A body has been found in the search for missing tramper Darren Myers in the Tararua Range.

Myers has been missing for 11 days after setting out to tramp the Northern Crossing on June 1.

It is believed search and rescue volunteers - who have scoured hundreds of square kilometres in the hopes of finding Myers - have discovered a body they believe to be his.

Police confirmed the body was found during an aerial search, and search and rescue teams are now on their way to the site.

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It is expected to take some time to reach the location.

Earlier this week, Sergeant Tony Matheson said the search team still held hopes of finding him alive after coming across two clues to his whereabouts - a chocolate bar wrapper of the brand he was known to have with him, and some boot prints in the mud on the route near the Arete Bivouac.

Myers, an experienced tramper, set off on the hike on May 28. His last contact was a text message to his wife Kim Shaw on Thursday, May 30.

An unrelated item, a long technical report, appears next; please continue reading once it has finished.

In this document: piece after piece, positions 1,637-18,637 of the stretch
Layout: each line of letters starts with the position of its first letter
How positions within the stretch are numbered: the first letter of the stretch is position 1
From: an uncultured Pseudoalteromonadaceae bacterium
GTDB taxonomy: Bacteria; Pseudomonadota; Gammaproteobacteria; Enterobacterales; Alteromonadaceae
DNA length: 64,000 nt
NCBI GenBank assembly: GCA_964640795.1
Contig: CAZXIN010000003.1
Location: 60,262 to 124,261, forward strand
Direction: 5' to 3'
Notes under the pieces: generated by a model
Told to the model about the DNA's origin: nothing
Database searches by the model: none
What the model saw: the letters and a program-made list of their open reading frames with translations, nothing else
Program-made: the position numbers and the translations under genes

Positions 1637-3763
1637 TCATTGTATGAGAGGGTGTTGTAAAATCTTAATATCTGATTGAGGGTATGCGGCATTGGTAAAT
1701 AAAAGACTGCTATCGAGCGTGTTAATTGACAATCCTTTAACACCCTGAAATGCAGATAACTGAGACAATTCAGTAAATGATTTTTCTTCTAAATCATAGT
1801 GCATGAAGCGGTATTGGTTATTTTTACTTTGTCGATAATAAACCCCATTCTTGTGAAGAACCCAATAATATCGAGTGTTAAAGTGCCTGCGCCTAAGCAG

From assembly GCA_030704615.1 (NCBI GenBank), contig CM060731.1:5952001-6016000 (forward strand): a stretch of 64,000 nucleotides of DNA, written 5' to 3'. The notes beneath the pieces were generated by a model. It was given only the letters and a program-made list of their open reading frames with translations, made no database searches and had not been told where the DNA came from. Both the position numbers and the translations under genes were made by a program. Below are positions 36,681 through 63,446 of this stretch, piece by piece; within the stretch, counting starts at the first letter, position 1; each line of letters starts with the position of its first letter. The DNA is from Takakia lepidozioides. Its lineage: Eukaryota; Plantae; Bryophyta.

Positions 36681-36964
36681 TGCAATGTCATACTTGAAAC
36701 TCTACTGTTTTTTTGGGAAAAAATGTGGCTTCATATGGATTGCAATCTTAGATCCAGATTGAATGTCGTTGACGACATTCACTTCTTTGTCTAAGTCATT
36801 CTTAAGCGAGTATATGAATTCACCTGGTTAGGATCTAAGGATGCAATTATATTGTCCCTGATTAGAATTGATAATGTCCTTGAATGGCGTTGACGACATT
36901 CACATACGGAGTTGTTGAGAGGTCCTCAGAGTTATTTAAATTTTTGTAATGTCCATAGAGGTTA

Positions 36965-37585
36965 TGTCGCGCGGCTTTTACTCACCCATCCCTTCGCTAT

Myers and Shaw moved to Wellington from Sawbridgeworth, England, 18 months ago.

This morning, brother-in-law Duncan Styles said Myers' family were "preparing for the worst".

Speaking from the search headquarters, he said they had "got to the point where we're quite numb".

Darren Myers. Photo / Supplied
Darren Myers. Photo / Supplied

Myers contacted his wife 12 days ago when he texted her to say he'd spent the night in the Arete Bivouac and was moving on to the Tarn Ridge Hut.

Myers was a qualified building surveyor and a keen tramper and mountain biker.

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"He's focused on making the most of the time in New Zealand."

Styles described his brother-in-law as "really engaging" and easy to talk to.

He had a "really happy personality" and was always ticking off projects and things to do, "making sure he's seen parts of New Zealand and the rest of the world and making the most of every opportunity he can".

The decision to go tramping in the Tararua Ranges was a last-minute one.

"It was a bit of an out of the blue opportunity for him, he suddenly realised he had a few days to spare."

Myers had the gear and the know-how, but it's believed the weather may have caused it to all go wrong.

"The weather's one of the really big factors in this trip of his and the police have been saying that the wind on Arete Bivvy was approximately 60km/h and then rose to 140km/h, so it was really bad weather up there."

The harsh environment proved unkind to searchers as well, with one volunteer breaking their leg while looking for Myers.